Reviewed by Bill Koester, Materials Handler.

The Stand by Stephen King is available as an eBook through CloudLibrary and Overdrive.

Civil Discourse

Arguably Stephen King’s opus, The Stand is a great read in any time. Recent events, however, have made it an especially fitting tome for these times, and not just because it’s a long one (over 1000 pages) that can help pass the hours most of us are spending stuck at home.

The novel tells the story of a plague, developed as a bioweapon by the U.S. government, which accidentally gets released and devastates the world. The pages and pages describing the breakdown of society, and the military’s increasingly brutal attempts the quell the panic, are horrifying an captivating at the same time.

One chapter—depicting the course of one evening as protagonist Nick Andros works the night shift manning a small-town sheriff’s office—feels especially prescient. At the start of the chapter, and Nick’s shift, everything seems like a normal summer day, aside from the fact that a cold (or so it seems) is going around. By the end of it, Nick finds the town inexplicably desolate, until the exhausted local doctor informs him that the sickness has decimated the population overnight, including people we saw alive just pages ago.

Though the real-world situation wasn’t quite so dire, this section has the same sudden gut punch feeling as the fateful Wednesday March 11 of this year. The day began seeming pretty normal, then ended with the World Health Organization declaring a pandemic, public figures and celebrities announcing they caught the virus, and college and professional sports shutting down. Fortunately, other events described in the prose don’t feel quite so resonant to what’s happening in our world (at least not yet).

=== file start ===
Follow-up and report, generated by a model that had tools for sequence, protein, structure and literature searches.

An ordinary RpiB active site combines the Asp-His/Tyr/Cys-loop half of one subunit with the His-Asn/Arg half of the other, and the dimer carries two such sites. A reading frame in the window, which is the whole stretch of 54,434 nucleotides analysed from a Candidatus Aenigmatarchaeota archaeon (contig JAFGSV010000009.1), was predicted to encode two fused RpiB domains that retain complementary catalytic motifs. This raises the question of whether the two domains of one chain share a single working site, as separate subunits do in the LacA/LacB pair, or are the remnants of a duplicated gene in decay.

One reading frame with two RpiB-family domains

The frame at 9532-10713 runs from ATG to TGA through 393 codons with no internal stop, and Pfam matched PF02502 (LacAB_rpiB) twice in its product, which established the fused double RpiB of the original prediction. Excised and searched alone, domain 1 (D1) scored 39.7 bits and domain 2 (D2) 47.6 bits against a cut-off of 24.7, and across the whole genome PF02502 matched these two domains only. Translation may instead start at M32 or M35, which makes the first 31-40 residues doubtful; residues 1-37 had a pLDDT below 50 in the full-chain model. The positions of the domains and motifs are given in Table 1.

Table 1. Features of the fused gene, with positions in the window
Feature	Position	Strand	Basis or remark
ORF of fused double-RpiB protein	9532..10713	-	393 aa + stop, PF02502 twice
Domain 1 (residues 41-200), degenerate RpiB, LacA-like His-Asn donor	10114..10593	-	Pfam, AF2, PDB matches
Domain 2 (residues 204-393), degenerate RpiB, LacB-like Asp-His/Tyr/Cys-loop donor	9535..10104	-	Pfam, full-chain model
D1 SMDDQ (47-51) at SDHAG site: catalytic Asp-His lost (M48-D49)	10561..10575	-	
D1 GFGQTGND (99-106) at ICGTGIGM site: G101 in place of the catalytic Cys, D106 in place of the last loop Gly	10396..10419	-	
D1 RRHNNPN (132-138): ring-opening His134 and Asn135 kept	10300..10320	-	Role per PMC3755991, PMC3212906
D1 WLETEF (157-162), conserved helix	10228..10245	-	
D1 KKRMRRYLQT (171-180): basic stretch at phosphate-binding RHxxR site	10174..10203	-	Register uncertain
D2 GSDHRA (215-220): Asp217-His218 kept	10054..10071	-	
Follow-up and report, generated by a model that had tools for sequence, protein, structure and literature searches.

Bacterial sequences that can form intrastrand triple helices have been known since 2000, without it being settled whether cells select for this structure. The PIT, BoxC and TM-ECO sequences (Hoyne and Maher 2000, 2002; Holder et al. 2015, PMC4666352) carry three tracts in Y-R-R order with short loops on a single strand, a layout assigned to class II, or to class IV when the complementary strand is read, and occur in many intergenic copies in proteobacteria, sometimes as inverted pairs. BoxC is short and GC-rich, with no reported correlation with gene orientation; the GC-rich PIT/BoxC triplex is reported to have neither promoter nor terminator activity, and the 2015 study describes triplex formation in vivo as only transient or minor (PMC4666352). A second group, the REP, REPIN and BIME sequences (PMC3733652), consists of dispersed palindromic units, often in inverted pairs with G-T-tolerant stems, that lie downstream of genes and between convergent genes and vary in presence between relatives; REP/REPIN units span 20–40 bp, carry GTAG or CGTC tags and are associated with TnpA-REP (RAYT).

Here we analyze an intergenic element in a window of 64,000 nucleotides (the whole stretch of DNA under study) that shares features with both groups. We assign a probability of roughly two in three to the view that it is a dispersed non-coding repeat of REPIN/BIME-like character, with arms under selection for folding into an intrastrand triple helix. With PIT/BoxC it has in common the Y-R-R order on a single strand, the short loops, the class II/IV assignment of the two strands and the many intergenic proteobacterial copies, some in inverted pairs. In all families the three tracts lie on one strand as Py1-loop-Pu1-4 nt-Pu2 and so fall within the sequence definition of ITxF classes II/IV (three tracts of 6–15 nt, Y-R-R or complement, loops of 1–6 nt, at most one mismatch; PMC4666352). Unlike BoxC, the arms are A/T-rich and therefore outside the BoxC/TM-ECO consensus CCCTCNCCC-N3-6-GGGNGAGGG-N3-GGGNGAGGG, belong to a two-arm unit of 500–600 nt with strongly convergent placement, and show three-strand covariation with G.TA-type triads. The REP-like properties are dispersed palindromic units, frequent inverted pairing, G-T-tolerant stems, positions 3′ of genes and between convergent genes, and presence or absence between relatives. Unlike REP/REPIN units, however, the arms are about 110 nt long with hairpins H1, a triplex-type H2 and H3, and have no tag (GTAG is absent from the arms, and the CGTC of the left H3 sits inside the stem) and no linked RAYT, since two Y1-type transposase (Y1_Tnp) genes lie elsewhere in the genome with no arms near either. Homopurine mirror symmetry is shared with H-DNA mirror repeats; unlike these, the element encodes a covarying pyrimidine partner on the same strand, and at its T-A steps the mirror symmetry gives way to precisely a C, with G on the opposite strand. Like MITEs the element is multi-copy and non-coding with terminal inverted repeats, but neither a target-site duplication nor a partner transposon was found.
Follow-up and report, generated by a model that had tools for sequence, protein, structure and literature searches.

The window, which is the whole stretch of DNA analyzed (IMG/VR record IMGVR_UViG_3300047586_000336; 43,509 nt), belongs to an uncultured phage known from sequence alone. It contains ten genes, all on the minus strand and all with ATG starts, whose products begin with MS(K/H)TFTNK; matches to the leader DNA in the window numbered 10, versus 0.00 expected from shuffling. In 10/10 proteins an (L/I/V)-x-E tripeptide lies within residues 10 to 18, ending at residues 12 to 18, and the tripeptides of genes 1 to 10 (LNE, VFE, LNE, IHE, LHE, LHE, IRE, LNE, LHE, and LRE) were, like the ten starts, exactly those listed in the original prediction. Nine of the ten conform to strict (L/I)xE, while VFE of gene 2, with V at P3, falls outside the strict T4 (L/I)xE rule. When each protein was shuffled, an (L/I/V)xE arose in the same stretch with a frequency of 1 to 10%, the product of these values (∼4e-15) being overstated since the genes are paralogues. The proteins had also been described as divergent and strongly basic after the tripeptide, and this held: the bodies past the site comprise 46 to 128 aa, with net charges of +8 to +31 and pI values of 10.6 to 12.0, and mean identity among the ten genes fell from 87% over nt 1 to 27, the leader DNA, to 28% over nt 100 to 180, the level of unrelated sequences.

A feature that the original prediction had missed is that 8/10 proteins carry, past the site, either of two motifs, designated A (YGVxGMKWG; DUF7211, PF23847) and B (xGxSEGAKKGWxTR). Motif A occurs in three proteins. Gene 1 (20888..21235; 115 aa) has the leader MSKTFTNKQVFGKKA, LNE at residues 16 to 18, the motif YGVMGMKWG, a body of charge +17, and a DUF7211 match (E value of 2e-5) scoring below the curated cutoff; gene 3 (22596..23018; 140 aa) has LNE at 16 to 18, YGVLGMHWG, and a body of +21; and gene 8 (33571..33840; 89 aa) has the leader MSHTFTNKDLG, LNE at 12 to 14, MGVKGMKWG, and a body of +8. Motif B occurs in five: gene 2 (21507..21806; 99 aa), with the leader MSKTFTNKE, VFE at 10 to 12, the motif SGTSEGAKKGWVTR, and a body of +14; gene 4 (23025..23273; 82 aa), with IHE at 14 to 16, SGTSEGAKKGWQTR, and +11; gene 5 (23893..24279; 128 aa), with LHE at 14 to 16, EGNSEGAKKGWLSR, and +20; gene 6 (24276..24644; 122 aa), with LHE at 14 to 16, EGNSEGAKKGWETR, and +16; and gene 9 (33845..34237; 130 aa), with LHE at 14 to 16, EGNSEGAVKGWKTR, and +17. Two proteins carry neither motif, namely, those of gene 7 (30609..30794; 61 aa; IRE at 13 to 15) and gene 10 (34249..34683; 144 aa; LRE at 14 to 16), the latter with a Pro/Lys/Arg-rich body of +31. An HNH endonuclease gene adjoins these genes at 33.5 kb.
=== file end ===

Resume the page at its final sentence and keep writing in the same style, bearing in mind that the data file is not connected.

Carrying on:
The plague is only about a third of the book, though. The rest is about what happens after the world crumbles, as survivors across the United States are divinely drawn to two communities out West. The good to Boulder, Colorado drawn by the 108-year-old Mother Abigail, and the evil to Las Vegas under the spell of the mysterious dark man Randall Flagg.

The story has elements of horror, action-adventure, post-apocalyptic sci-fi, epic fantasy, and even the biblical. There are also long portions of the text devoted to the character drama, an element of King’s work that seldom gets its due praise. The scribe certainly takes his time in some of the middle section, but the effect is nearly every character seems fleshed out and vital, not tertiary.

Reading The Stand in the middle of a real pandemic, an unexpected theme seems to stick out: community.

Sure, the novel thrills and terrifies as the best King fiction does, but the characters who make it through rebuild. Instead of reverting to brutal survivalists like most post-apocalyptic fiction, they come together, work together, work through their disagreements through civil discourse, watch out for each other, and create a thriving society in the ashes of the old one.

For a story and author so dark and macabre, the ending strikes a reasonably hopeful tone. 

This is review is part of the Finding Value series, inspired by the eleven core values central to the Library's mission. Tune in as Library staff review books and movies that highlight the values accessibility, civil discourse, inclusiveness, integrity, intellectual freedom, lifelong learning, literacy, respect, safety, service, and stewardship.